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Befriending Anxiety

Befriending anxiety podcast episode. Women standing in stillness before a vast ocean.
Learning to befriend out anxiety. New podcast episode


Welcome to The Wholehearted Mom Podcast! It’s our launch season and I am so honoured to have you here. You’ll be glad you joined. 

In this episode we will cover:

  • 3 facts about anxiety
  • A mini anxiety 101 lesson
  • The importance of awareness
  • And 4 ways you can make peace with your anxiety 

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Sarah Reckman

Episode #9: Befriending Anxiety

I am Sarah Reckman. I am a certified life coach with a masters degree in social work and I have over 12 years of experience with a specialization in mental health. My knowledge and resources come from my experience and training, however my passion comes from my personal experiences. About 5.5 years ago I developed postpartum anxiety. 

I know what it’s like to experience panic and fear for no reason. I know what it’s like to feel terrified and shame because of my intrusive thoughts. I know what it’s like to feel trapped in your home because the world outside is just too scary. I know what it is like to be irritable, impatient, and distant from loved ones. I know what it’s like to be so exhausted from trying to always be stronger than I feel. 

I also know what it’s like to find healing. Now just to clarify, healing from a mental illness doesn’t necessarily mean it all goes away but it does mean that it doesn’t control you anymore. And it means that you have a healthy relationship with your anxiety so you can still experience a life of abundance and joy. 

I am so excited to share some resources and tools with you today so that you too can start healing your relationship with anxiety and worry.


  1. Anxiety is normal and plays an important role 
  2. Anxiety is connected to our stress response system (fight, flight, freeze) 
  3. You can have a healthy relationship with your anxiety

Anxiety 101

Anxiety is a natural, adaptive response we experience when we feel unsafe or threatened. Anxiety is our body’s reaction to perceived danger or important events. We perceive many kinds of “threats”; some can be specific and real (e.g., being followed down a dark alley). Some feel more vague, like a general sense that something “bad” will happen. 

We may also have an anxious response to a threat we are imagining in our heads, like picturing a loved one getting into an accident. (Anxiety Canada). Anxiety triggers our stress response system to alert us to danger and helps our body prepare to deal with it. We can experience anxiety in these areas:

In Our Bodies:

For example – increased heart rate, sore stomach, tight chest and throat, shallow breathing, loss of appetite, difficulty falling or staying asleep, etc.)

In our mind:

For example – racing thoughts about the future; imagining the worst-case scenario; ruminating; worrying and obsessing, etc.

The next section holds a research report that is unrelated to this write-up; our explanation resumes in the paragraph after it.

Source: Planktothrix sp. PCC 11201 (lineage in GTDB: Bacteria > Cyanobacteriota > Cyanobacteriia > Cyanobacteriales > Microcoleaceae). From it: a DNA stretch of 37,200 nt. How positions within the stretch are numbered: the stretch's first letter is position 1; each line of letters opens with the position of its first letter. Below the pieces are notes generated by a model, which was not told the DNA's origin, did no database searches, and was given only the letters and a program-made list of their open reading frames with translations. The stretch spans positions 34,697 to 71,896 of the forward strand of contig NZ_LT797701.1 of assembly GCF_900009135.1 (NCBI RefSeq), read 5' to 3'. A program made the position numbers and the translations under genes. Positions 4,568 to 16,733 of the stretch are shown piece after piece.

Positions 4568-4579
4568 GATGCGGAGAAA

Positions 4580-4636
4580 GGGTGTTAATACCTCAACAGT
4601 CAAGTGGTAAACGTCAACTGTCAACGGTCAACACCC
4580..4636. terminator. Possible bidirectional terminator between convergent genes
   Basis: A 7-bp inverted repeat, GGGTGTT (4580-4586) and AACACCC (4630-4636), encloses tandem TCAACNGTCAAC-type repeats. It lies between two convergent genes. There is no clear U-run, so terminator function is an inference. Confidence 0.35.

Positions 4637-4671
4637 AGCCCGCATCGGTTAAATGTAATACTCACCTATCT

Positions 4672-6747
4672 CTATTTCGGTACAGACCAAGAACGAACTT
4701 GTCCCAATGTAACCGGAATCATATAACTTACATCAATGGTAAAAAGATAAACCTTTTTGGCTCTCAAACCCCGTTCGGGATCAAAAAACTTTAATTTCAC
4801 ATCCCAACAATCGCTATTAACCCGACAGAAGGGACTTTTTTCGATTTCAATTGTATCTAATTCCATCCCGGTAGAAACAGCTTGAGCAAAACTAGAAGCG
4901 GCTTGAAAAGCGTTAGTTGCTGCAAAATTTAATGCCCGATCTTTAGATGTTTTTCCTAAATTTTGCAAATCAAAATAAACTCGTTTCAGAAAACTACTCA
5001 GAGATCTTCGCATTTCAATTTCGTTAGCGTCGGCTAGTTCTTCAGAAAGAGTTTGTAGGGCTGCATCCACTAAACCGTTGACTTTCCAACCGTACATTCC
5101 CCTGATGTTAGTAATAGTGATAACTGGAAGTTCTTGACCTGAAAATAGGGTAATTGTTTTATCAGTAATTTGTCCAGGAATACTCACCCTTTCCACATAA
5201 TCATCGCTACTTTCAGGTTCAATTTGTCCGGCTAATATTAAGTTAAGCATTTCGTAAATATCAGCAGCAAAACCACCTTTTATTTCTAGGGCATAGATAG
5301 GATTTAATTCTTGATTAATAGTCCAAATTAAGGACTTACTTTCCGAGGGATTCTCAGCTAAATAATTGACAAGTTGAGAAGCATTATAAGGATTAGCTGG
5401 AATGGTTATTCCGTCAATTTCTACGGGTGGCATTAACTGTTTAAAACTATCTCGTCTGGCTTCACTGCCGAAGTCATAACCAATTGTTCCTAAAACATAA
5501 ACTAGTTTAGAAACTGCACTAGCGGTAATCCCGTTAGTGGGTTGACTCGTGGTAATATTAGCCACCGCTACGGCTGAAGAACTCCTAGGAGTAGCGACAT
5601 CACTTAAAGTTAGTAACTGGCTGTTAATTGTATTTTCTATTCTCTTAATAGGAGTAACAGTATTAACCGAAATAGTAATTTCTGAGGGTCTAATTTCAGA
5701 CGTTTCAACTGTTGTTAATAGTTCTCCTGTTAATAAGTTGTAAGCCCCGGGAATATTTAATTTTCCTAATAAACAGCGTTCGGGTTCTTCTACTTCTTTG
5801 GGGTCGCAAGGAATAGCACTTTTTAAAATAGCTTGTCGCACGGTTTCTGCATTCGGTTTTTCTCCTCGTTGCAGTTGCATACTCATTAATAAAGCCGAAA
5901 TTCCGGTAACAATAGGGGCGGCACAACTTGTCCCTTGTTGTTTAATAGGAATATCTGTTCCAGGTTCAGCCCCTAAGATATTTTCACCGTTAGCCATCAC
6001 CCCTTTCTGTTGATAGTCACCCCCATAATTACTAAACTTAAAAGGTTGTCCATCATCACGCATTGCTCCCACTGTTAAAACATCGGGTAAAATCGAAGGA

In our actions or behaviours:

For example – avoiding certain situations, activities, places, or people; over-controlling; asking others for constant reassurance; checking things repeatedly; being extra careful and vigilant of danger, etc.

Anxiety is the body’s alarm system.  Anxiety causes the amygdala to be overactive causing an amygdala hijacks to occur. When the amygdala hijack goes off due to anxiety (or a perceived threat) we call this a false alarm – similar to when your smoke detector goes off because you burnt toast. 

Anxiety perceives a threat and makes our body think it is in danger when really we are just embarrassed, upset, frustrated, or sad. Anxiety is actually a good normal human emotion. Anxiety motivates us when we need to succeed, such as getting nervous for a test or presentation and it warns us when things don’t feel right. 

Anxiety may become a disorder when a person is preoccupied with fear and worry, and these symptoms interfere with daily functioning.

Awareness is the first step!

Awareness: state of being aware – knowledge and understanding that something is happening or exists. Awareness is always the first step in working towards befriending our anxiety. We need to be able to observe and name the feelings and physical sensations as such. 

We need to be able to confidently say to ourselves this icky thing I am feeling right now is anxiety or these are anxious thoughts. Daniel Siegel has this cute phrase ‘name it to tame it’ in which he shares that part of the battle in taming our emotions is simply being able to name them – being aware of them. 

Action: take a moment to reflect on these two questions…. 

  • What does anxiety look like for you? 
  • I feel anxious when…. 

How do we make peace with our Anxiety

  1. Mindfulness
  2. Calming the Physical Reaction 
  3. Changing the Thought 
  4. A lifestyle of Positivity 


“Self-care is giving the world the best of you, instead of what’s left of you”. Self-care is also about having a special relationship with yourself – one that is life-giving and supportive. They say that mindfulness is a way of befriending ourselves and our experiences. Mindfulness gives us space to breathe.

Why be mindful? According to Aislinn Burke from the Centre for Change, Mindfulness practices can help us to increase our ability to regulate emotions, decrease stress, anxiety and depression.  It can also help us to focus our attention, as well as to observe our thoughts and feelings without judgment.  As we become more present in our lives and in relation to others, it can help us to make better decisions, to manage our emotions and to be more fully engaged in life. (Aislinn Burke, Centre for Change) ​

Now I want you to take a moment and see if your holding any tension in your body… release your shoulders from your ears, unclench your jaw, and remove your tongue from the roof of your mouth. We tend to hold onto stress in physical ways. Relax. Take a deep breath!

Physical Reaction